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|In June 1909, when the constitutional amendments were underway at the Ottoman parliament, three deputies presented a formal proposal that the Ottoman constitution—like its equivalents in the globe, they underlined—should include a clause that would ban the sale and purchase of individuals. Their proposal was consequently rejected by the majority of the parliamentarians who staunchly maintained that all Ottomans were already in full possession of their freedom and any violation to that effect was punishable by common/criminal law. The small group of proponents of the addition of the clause thought otherwise, however. For them, not only the imperial palace and the elite households continued to buy slaves for domestic (including sexual) services, but the ongoing sale and purchase of the Armenian and Kurdish peasants (and the extralegal practice of multiple taxation) in the eastern provinces such as Mus, Kozan, and Erzurum gravely injured the liberal constitutional order and its ‘market rendition of the individual.’ It was thus that they insisted to tie the matter to an all-encompassing law rather than the common law, which was ordinarily dismissed by the local elites and the high ranking state officials, let alone the sultan himself.|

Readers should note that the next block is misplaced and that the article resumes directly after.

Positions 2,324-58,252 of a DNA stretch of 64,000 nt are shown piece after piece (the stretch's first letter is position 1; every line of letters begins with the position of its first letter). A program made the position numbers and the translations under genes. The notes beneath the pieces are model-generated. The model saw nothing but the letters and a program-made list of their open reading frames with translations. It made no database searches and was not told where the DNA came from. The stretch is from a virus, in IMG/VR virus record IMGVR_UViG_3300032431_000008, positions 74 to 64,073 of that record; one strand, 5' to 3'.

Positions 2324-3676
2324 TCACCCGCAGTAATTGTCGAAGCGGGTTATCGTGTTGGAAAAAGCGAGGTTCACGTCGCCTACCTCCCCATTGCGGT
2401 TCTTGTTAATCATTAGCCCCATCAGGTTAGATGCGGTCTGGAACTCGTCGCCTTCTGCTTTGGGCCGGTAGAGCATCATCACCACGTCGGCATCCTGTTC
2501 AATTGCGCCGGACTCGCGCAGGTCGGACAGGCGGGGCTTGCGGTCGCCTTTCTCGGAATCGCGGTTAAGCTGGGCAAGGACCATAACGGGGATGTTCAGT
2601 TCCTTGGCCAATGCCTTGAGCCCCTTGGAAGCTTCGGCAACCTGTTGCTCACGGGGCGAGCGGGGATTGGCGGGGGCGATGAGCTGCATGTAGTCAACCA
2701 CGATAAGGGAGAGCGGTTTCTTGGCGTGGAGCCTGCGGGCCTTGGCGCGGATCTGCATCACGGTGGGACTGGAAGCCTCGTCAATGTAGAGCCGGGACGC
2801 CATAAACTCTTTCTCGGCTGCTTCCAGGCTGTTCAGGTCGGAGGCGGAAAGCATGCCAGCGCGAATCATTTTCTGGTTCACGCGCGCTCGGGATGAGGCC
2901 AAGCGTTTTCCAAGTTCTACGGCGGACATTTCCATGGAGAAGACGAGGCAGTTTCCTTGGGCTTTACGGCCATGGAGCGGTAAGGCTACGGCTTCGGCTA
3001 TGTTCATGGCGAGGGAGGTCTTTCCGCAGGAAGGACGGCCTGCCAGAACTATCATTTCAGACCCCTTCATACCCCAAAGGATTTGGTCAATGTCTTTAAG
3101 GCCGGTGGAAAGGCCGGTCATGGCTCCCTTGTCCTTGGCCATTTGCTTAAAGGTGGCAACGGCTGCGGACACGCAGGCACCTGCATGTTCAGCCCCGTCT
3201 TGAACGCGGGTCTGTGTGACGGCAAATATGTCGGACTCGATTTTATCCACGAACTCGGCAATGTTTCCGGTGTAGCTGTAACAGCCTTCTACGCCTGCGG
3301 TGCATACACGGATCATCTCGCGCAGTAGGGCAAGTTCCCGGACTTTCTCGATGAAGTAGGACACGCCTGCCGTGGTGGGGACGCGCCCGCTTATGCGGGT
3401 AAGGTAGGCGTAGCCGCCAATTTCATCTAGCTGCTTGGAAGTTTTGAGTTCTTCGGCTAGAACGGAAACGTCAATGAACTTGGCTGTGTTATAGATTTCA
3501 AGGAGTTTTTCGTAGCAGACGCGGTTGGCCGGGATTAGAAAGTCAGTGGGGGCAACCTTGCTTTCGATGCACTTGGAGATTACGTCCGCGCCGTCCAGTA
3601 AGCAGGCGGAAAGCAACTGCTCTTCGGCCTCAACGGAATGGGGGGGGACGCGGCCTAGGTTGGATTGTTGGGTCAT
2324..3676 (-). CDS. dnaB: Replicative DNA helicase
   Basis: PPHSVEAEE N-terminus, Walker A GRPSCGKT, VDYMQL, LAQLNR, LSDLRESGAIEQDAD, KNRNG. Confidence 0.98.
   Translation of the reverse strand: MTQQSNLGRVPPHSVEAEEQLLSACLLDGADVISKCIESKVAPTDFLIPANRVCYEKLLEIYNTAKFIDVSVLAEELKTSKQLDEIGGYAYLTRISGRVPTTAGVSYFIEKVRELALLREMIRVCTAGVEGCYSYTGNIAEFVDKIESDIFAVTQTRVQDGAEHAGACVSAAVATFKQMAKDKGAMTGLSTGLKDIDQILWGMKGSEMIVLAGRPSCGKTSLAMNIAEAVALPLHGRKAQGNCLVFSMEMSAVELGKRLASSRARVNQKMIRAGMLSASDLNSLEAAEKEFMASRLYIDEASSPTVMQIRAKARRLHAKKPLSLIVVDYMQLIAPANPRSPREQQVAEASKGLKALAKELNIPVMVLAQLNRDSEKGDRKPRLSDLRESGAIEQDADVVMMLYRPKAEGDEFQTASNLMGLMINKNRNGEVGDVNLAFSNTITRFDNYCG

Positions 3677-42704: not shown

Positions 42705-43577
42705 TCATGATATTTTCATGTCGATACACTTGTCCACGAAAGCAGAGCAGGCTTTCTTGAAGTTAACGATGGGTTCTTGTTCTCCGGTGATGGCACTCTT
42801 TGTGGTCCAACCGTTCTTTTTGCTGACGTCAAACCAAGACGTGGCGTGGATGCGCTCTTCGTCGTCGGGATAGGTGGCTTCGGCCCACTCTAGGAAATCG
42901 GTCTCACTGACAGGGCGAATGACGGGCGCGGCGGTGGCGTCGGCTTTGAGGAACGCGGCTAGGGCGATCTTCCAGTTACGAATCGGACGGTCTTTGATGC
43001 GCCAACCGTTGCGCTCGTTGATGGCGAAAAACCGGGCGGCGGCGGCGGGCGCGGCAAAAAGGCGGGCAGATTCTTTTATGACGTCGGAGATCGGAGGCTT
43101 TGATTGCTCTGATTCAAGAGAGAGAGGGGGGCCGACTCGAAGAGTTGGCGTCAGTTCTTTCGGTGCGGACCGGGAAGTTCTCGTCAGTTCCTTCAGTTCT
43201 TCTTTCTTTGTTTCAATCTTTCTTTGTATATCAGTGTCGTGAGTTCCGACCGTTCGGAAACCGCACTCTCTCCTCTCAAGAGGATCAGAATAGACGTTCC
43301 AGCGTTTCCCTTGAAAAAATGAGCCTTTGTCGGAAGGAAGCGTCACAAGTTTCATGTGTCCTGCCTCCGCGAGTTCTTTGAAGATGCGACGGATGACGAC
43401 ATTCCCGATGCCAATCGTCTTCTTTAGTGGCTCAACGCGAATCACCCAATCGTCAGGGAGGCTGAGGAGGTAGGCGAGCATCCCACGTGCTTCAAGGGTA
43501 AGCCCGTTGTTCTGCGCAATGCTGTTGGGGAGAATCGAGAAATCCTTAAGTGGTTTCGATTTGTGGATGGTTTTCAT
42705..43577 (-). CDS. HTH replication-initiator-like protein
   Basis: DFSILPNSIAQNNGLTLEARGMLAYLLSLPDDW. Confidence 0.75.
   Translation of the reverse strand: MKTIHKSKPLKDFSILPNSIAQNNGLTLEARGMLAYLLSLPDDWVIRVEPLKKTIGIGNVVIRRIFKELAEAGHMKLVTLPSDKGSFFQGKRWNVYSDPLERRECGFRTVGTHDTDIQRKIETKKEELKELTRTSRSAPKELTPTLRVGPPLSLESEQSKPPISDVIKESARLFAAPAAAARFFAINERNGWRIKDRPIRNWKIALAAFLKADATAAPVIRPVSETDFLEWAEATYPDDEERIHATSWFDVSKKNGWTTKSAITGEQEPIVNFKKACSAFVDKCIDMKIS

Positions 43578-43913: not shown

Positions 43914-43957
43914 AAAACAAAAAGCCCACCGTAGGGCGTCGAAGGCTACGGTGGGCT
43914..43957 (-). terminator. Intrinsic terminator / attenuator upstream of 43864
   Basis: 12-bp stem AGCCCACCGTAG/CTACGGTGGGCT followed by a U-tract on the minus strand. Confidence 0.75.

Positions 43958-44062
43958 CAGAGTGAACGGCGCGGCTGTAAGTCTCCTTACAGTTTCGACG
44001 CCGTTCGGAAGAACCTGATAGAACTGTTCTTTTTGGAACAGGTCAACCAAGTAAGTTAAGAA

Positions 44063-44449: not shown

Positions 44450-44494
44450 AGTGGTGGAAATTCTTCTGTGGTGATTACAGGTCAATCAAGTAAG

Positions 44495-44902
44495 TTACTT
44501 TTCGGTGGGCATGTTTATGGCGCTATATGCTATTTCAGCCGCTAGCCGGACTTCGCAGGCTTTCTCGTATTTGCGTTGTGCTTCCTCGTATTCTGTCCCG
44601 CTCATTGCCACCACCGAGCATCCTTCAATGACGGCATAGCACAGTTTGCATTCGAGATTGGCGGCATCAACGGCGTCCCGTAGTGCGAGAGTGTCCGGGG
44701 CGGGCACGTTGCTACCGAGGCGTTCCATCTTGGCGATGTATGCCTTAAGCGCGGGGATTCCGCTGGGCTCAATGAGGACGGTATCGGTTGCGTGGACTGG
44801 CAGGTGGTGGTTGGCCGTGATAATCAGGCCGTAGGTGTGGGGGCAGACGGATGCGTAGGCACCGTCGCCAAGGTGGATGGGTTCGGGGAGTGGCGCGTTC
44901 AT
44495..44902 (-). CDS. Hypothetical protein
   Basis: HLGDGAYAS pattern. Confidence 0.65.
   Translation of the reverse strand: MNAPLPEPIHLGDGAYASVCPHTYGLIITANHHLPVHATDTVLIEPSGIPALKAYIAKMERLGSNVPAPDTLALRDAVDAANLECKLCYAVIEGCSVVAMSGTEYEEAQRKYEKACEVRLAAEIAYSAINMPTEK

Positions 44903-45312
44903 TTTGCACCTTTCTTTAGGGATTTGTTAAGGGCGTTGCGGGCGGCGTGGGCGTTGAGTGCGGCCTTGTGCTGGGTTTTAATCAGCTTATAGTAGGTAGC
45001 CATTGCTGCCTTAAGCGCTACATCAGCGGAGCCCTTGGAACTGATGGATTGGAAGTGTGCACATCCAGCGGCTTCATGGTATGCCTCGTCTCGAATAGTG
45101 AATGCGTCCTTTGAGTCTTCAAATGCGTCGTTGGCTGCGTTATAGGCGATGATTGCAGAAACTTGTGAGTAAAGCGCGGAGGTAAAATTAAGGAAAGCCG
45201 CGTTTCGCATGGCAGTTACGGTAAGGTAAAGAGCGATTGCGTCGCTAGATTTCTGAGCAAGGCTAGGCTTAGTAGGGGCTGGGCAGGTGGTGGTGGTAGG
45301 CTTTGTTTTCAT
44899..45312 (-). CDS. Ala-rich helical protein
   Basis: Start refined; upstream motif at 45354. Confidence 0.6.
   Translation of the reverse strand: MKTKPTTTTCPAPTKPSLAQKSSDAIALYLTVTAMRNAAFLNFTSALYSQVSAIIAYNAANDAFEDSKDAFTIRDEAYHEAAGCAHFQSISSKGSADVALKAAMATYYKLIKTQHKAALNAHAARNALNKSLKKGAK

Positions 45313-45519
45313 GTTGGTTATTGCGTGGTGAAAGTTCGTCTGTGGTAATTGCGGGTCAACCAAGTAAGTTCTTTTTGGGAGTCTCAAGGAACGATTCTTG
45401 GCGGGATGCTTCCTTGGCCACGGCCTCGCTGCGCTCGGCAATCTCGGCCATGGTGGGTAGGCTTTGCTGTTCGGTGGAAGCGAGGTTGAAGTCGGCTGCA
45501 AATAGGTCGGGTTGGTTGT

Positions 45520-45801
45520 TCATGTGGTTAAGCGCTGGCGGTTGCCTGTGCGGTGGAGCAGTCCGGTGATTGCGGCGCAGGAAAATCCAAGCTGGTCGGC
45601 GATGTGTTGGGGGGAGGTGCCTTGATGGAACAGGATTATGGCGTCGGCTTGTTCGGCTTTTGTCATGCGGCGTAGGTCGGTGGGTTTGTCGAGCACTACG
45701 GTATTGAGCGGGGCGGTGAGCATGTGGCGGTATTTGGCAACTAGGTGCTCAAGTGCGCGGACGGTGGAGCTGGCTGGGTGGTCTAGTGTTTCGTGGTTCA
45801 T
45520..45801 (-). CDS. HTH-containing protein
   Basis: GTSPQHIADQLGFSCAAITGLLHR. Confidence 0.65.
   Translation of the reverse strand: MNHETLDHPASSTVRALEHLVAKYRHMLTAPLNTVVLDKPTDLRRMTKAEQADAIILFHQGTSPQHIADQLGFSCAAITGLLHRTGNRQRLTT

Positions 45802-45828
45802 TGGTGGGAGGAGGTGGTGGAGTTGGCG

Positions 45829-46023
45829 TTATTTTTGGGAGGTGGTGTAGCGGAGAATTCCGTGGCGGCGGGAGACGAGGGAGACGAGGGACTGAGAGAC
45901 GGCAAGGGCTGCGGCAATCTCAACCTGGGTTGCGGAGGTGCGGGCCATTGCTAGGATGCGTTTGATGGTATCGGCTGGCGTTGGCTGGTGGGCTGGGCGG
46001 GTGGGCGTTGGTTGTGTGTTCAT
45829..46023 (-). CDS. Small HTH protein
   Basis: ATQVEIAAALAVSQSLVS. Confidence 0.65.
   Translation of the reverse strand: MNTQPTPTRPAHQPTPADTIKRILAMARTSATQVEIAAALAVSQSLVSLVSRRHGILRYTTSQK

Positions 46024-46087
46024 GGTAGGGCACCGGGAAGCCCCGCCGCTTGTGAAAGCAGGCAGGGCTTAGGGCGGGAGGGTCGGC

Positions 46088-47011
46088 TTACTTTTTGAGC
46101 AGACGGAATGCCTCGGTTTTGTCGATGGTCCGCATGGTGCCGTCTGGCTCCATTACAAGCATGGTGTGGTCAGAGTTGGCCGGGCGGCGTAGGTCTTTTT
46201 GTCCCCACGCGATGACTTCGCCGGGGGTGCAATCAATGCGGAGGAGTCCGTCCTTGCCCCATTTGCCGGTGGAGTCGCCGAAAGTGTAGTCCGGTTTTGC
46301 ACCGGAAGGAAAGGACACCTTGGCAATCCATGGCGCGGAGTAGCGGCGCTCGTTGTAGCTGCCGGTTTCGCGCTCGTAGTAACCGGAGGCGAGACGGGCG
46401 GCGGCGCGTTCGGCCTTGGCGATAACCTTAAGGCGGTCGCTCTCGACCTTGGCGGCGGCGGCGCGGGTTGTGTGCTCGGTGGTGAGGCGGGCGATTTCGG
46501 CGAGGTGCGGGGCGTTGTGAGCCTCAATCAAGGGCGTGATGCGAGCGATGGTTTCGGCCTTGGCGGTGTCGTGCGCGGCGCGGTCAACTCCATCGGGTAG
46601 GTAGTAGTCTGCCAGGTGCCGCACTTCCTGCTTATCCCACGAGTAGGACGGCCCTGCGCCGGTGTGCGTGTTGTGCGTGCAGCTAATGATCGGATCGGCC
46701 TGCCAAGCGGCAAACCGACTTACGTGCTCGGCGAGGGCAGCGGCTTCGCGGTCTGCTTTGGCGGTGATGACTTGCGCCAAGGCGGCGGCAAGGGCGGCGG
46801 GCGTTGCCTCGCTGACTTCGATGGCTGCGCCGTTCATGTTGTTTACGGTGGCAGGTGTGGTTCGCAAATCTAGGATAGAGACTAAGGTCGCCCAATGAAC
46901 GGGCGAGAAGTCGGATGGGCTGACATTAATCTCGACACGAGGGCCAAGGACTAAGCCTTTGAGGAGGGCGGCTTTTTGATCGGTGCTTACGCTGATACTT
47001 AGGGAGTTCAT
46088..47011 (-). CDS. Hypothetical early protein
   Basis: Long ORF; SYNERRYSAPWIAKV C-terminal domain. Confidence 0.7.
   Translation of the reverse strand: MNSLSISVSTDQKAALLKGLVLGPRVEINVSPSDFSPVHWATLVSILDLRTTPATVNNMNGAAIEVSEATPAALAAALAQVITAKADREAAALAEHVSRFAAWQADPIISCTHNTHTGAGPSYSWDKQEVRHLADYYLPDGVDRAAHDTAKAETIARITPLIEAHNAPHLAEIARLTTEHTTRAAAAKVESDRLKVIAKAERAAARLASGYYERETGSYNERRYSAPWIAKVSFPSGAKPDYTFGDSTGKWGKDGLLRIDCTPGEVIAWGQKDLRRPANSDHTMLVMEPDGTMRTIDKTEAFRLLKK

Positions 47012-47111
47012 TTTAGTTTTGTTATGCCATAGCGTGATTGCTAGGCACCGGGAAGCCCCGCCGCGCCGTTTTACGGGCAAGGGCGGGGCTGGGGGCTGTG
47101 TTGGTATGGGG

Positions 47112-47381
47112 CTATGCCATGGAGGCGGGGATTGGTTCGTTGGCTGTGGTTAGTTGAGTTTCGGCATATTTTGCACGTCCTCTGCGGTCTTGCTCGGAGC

This proposed (and subsequently dismissed) amendment came at the end of decades-long debates around the slaves’ intrinsically paradoxical status in the ‘era of freedom.’ Tracing these debates in the second half of the nineteenth and early decades of the twentieth centuries, this paper explores the ways in which the Ottoman state, slave-owners and slaves themselves linked the notions of person, thing, and property. More specifically, it seeks to understand how the liberal right to freely dispose of one’s property was understood and translated (or failed to do so) into legal categories and how that shaped capitalist development in the reform-era Ottoman Empire.